It's suddenly clear why J.T. O'Sullivan is excelling in Mike Martz's offense. The two men are cut from the same cloth. They're both precise and hyper-demanding - of themselves and of others. Things got a wee bit testy today between Martz and a member of the media (not a newspaper guy) when Alex Smith's progress was raised during a group interview. Here's the exchange:
Q: ... It's supposed to be a fair competition and you almost feel like Alex should have been able to play a half with the starters ...
MM: First of all, let me tell you this ... and let's get this straight: There's nothing fair about this league. Alright? If you establish yourself as an incredible player within a quarter of the game, then that's just the way it is. There's nothing fair about this game. Understand that first of all, OK?
Q: I played the game. I understand it.
MM: Good. Then you know it's not the ...
Q: I also known that in preseason you can do real well, but that might not translate to the regular season ...
MM: There's no question. But we'll find out now won't we?
O'Sullivan certainly hasn't been confrontational with the media. But reporters quickly have found out that their questions have to be precise or else O'Sullivan will ask them to repeat or rephrase them in a way that he can understand them. I thought it was also interesting that at different times today they answered the same question in nearly the exact same way. The question was whether it was important for O'Sullivan to develop chemistry with receivers Bryant Johnson and Ashley Lelie, both of whom have been injured for most of August.
First, O'Sullivan: "It's a trust thing where they trust me to put the ball where I'm supposed to and I trust them to be where they need to be."
Now Martz: "It's not so much chemistry as it is a trust issue."
Obviously, Martz has preached trust all offseason to his offensive players and it's been a buzzword in the meeting room. But I can't shake the fact that in back-to-back group interviews with O'Sullivan and then Martz, we were talking to two remarkably similar men. It's also clear that Martz has become very fond of his new quarterback: "What he's done so far is taken an opportunity and made the most of it," Martz said. "To say that I expected him to be this good -- I'd be lying to you."
Five players won't suit up Friday. They are Josh Morgan and Keith Lewis (illness), Adam Snyder (ankle), Jonas Jennings (hand) and Allen Rossum, who took a hard shot in his back Thursday that affected his breathing (lungs). Rossum has been practicing by himself all week and he seemed fine in an interview today. He said there's no way he'll miss the opener on Sept. 7. Lewis was at practice but did not participate. Morgan was told to stay home.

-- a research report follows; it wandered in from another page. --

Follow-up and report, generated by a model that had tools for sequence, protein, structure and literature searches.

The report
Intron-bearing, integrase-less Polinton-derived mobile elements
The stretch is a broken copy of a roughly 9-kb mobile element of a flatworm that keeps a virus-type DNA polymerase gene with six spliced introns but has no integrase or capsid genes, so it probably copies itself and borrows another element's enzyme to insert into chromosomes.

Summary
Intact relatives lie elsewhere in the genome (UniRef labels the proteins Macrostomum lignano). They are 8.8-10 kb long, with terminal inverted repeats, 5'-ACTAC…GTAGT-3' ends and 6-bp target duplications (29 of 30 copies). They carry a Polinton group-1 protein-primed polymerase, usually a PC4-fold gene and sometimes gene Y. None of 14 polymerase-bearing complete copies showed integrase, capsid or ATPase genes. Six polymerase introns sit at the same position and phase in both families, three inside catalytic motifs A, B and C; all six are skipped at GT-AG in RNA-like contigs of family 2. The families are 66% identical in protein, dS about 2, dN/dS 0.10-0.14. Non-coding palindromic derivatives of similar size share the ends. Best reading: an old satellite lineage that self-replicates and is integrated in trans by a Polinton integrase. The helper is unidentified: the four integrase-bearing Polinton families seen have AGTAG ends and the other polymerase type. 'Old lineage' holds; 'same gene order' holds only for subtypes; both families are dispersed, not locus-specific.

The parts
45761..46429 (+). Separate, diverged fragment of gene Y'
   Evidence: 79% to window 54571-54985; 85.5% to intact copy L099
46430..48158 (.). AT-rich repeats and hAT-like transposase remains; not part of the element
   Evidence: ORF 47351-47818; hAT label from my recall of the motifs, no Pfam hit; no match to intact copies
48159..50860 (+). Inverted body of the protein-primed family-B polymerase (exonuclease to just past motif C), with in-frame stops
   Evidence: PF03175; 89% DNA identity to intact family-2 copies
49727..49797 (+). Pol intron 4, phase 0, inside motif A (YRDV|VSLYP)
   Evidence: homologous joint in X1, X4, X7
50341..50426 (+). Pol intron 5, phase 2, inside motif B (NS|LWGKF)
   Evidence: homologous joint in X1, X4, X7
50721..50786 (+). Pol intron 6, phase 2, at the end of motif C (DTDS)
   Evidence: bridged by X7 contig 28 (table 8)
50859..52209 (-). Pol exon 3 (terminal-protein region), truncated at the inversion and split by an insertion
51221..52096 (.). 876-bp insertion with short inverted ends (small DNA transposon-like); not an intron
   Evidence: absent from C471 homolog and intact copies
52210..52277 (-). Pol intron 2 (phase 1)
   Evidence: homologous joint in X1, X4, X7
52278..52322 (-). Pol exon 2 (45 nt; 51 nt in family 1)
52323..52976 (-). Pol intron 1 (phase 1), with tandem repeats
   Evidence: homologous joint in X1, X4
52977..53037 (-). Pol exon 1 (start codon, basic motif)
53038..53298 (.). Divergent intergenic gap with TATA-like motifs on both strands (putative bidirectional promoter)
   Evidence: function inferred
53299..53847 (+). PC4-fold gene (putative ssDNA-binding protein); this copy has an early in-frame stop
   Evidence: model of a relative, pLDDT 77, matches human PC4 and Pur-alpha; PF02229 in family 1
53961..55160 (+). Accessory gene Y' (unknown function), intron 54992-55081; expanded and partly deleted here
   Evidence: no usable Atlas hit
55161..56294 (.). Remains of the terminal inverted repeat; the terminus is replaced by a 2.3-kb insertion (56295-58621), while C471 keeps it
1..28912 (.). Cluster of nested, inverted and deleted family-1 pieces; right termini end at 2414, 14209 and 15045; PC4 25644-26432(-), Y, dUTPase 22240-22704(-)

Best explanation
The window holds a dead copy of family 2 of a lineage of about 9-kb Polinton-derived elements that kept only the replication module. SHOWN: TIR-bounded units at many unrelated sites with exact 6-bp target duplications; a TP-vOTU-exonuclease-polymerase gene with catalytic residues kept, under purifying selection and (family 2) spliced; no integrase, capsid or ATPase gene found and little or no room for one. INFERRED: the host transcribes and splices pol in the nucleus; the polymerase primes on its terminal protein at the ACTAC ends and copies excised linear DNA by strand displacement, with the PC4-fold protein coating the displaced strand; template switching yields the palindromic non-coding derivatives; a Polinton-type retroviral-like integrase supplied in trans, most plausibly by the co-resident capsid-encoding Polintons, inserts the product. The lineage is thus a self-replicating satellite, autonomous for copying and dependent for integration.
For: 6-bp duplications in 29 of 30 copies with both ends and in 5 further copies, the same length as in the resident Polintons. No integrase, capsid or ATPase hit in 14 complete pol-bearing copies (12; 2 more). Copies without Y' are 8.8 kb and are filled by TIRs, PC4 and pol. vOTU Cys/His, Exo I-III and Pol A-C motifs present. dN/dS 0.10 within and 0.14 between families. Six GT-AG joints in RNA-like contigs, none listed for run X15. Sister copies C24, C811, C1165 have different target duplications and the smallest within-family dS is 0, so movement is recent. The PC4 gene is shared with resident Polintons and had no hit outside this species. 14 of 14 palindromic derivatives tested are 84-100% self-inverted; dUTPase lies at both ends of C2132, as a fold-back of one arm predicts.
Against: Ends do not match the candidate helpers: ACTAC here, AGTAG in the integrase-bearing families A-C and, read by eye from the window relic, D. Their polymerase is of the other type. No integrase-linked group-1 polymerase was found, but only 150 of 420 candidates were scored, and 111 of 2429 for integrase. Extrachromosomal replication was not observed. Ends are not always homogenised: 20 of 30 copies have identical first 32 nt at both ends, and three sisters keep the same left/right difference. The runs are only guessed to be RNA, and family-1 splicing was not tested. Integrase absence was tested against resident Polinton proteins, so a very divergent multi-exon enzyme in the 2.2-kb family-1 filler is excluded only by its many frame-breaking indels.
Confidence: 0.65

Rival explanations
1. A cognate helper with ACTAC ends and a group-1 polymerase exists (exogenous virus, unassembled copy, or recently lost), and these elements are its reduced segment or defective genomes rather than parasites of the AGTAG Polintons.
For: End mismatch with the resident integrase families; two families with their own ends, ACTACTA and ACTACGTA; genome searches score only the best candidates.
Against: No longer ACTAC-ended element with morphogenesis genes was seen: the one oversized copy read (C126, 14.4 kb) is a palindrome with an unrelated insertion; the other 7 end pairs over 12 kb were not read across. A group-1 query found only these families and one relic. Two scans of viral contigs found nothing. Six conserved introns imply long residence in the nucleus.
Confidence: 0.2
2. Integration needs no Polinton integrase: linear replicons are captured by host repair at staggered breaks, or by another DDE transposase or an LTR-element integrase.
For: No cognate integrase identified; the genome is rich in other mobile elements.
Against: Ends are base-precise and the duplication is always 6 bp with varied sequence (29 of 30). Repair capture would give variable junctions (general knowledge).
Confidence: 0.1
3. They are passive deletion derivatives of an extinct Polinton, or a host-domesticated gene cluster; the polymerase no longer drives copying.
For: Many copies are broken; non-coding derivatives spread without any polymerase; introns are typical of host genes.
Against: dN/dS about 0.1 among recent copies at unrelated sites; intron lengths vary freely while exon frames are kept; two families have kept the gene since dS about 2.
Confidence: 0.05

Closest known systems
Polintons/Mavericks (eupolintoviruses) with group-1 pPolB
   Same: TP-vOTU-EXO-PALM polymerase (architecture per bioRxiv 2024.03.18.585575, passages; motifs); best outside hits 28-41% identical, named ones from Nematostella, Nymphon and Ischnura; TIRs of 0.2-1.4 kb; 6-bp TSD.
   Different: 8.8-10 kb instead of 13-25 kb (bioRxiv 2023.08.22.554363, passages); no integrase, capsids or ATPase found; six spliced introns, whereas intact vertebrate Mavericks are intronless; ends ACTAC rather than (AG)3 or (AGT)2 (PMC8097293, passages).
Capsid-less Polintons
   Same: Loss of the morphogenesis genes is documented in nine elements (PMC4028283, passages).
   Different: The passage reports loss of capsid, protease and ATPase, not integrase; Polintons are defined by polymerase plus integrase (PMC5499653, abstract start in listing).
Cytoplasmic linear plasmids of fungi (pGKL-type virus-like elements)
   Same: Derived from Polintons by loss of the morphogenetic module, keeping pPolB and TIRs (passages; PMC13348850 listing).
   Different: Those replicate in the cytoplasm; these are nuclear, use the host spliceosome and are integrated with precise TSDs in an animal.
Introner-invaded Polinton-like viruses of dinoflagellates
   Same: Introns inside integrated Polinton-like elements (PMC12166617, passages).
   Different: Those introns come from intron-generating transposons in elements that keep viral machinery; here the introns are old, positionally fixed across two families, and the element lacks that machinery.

The big question is who will start at split end. Mike Nolan said the position would be split between Johnson and Lelie, both of whom practiced yesterday and today. Lelie is definitely on the proverbial bubble. He's had little impact since arriving in San Francisco last year. Yet he still offers something -- straight-line speed -- that no other player on the team has. He could save his job with a solid performance Friday. Nolan said both receivers could play the entire first half.
Nolan doesn't use the passive voice very often. But in discussing how much the starters will play, he said, "I've been told the first series to the first quarter." Who told him? Martz. O'Sullivan certainly needs and wants to get as much work as he can given that he's only started four NFL games in his career. But Nolan noted that the bulk of the practices this week have come against the 49ers' first-team defense. Why not the scout team? Because the 49ers and Chargers run very similar defenses.
David Baas was at left guard again. He has been penciled in at the starter at right guard, but because Tony Wragge has played so well on the right side, the thought was that there'd be less suffling if Baas re-entered the lineup on the left.
Funny exchange. Nolan was saying that he'll continue to wear his business suit for home games. For away games, he can wear everything but the suit jacket, which he has to replace with a Reebok product such as a windbreaker.
Maiocco: Like Mr. Rogers?
Nolan: The Mr. Rogers look. ... That's good. You just talked me out of it.
-- Matt Barrows